One of my photos


January 13th, 2009 · Posted by Skuds in Music · 1 Comment · Music

Jayne’s school are doing some sort of thing about different countries this week.  As part of it they wanted music from a variety of countries: Australia, Scotland, the Caribbean, Uganda, Spain and some others.  Knowing that I have a fair few foreign records she asked if she could borrow some of mine.

It was a hell of a job finding anything she felt sounded right.  I knew I didn’t have anything by Ugandan artists, but Jayne said that anything African would do, but guess what?  Nothing I have sounds African enough…  so Baaba Maal, Youssou N’Dour, Angelique Kidjo, Toumani Dioubate, Salif Keita, Papa Wemba, Fela Kuti, Femi Kuti, Seun Kuti, Mory Kante, Tinariwen, Osibisa, Manu Dibango, Amadou & Mariam, Ballake Sissoko and all the rest just aren’t African enough.  How much more African can you get than Fela Kuti?

But of course, what she wants is ‘traditional’  sounds.  Lots of drums. Tribal sort of thing.  Some sort of folkways.  Maybe I should have bought a Burundi Tribe album when it was briefly fashionable.  At the last minute I remembered that I had a CD by the Pan-African Orchestra that I didn’t rip to the PC and some of that just scraped by.  They are actually from Accra which is, by my reckoning, bloody miles from Uganda but it will have to do.

Spanish was even more of a problem.  I have some Gypsy Kings of course and some similar acoustic guitar stuff (out on loan at the moment I think.  A friend wanted to soundtrack some holiday videos) a couple of Ojos de Brujo albums and that is it.  Unfortunately – surprise, surprise – Ojos de Brujo, despite coming from Barcelona, are not Spanish enough: no castanets.   By that sort of criteria even most of Paco Pena’s output is not Spanish enough.  I finally found a track on an old Songlines cover CD that has flamenco guitar and lots of clapping which will do at a pinch.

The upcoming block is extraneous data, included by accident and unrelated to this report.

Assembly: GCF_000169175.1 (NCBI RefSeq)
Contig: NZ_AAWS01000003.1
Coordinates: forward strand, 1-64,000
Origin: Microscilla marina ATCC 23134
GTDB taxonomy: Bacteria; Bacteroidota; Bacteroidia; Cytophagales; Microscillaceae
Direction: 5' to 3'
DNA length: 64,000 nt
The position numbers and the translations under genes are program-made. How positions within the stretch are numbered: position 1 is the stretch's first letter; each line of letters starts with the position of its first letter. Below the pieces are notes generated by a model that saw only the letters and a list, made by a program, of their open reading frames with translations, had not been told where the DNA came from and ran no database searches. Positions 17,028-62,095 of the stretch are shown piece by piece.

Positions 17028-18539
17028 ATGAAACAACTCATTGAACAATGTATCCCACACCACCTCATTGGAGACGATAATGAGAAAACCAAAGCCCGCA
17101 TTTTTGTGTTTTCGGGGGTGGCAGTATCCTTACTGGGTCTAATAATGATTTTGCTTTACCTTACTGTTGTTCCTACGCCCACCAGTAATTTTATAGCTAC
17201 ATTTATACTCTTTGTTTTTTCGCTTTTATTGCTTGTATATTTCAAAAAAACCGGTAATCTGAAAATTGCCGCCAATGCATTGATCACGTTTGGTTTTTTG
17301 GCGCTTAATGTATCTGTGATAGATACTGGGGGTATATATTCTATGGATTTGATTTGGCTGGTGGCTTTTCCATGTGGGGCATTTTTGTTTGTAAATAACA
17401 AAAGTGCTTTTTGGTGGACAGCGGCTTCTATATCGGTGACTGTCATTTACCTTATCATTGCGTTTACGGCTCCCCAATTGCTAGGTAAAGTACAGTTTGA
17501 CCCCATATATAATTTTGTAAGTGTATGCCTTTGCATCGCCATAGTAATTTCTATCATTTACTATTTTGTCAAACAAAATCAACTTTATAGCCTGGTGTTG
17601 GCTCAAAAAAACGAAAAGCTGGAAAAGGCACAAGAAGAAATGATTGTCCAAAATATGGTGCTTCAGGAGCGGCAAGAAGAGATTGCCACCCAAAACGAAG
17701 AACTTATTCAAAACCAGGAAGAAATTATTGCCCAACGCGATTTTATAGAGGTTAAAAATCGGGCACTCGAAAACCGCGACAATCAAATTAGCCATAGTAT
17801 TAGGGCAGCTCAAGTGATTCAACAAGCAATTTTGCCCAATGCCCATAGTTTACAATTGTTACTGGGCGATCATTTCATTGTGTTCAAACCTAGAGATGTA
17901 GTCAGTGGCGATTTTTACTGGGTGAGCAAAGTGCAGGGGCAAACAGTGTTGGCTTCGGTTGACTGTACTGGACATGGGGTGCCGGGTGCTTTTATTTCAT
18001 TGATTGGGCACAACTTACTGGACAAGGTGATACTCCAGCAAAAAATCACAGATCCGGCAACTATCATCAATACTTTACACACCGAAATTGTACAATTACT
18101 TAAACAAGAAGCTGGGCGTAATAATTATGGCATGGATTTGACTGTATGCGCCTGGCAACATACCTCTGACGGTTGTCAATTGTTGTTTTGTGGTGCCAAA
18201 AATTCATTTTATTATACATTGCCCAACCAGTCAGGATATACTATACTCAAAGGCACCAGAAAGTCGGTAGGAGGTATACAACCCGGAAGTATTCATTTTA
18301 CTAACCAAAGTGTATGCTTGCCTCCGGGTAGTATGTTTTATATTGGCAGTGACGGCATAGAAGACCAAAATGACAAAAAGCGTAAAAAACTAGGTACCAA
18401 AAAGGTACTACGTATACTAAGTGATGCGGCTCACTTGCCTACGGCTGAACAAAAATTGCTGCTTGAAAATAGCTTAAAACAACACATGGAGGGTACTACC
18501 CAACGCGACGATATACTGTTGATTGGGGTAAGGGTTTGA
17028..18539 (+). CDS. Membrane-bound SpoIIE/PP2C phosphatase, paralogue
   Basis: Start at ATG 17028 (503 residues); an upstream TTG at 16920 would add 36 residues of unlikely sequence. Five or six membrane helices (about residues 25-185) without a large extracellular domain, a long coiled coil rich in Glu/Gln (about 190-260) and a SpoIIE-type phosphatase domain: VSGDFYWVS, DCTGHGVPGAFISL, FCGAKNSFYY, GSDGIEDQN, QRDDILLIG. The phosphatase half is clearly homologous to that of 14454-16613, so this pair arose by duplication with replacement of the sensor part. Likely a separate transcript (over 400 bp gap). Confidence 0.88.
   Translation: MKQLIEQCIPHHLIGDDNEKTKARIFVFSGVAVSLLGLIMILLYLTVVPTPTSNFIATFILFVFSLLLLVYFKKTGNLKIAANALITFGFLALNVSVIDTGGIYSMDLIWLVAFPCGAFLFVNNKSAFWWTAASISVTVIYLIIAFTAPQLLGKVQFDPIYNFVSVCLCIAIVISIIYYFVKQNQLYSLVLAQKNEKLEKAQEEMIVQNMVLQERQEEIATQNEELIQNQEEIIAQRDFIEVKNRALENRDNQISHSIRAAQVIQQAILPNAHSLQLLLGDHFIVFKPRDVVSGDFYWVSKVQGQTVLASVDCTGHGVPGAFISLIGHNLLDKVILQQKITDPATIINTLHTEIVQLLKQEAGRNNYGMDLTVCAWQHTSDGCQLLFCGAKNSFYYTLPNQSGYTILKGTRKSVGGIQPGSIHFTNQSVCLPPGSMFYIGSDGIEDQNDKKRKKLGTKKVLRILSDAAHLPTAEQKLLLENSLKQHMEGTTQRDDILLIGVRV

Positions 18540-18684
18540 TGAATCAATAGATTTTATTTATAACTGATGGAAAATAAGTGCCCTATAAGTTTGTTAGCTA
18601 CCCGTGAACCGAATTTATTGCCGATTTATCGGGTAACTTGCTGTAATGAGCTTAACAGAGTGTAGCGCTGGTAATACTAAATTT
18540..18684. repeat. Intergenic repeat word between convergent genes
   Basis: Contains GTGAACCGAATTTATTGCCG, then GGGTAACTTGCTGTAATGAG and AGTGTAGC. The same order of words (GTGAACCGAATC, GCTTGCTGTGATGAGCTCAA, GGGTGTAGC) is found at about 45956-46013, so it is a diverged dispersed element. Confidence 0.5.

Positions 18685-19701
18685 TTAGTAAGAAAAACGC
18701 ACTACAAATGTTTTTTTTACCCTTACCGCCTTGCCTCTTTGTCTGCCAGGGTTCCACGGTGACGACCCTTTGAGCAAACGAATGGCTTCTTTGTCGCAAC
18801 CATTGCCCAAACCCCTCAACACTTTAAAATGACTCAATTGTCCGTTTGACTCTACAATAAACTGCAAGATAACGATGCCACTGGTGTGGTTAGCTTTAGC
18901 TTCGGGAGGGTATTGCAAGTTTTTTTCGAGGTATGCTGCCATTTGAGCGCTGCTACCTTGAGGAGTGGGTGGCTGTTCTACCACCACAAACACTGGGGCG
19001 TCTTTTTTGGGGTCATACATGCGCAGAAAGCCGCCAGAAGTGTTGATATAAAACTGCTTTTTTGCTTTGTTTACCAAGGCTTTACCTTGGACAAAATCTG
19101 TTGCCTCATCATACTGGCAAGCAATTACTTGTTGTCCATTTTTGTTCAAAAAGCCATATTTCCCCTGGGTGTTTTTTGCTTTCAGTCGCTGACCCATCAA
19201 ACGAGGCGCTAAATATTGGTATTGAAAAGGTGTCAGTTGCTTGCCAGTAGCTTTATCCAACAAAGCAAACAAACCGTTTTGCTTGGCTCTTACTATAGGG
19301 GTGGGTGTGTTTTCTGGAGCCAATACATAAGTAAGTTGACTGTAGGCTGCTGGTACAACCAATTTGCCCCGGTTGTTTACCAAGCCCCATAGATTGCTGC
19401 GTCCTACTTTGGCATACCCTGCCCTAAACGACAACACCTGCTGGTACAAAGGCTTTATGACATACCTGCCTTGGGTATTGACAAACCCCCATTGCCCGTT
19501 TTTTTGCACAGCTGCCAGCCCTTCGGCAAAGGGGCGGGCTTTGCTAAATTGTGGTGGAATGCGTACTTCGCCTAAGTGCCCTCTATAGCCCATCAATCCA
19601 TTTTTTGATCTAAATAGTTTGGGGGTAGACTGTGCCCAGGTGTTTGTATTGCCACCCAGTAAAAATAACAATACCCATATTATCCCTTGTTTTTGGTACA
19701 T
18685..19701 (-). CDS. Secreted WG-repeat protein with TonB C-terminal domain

The fact is that there is a huge cross-fertilisation of music across the world.  Ojos de Brujo mix their flamenco with rap/hip hop, a lot of African artists play Latin American rhythms or have US/UK-type rock influences.  Some places like India have a pop and a ‘classical’ scene alongside each other but straight traditional/heritage music is probably enjoyed by the general population of most places in the same way that absolutely straight traditional music is here – i.e. strictly a minority interest or for the tourists.

There must be some exceptions.  Ireland? Mexico?

I completely failed with Caribbean music. A shelf full of dub reggae and dancehall doesn’t count as Caribbean; apparently I should have been buying soca and calypso instead…  I didn’t even bother looking for Peruvian music – there is a big pan pipe-shaped hole in my collection that is likely to remain unfilled.


One Comment so far ↓

  • skud's sister

    Rob bought pan pipe music back from Peru. Of course, he then found he could have bought direct from the artistes on the streets of Leeds….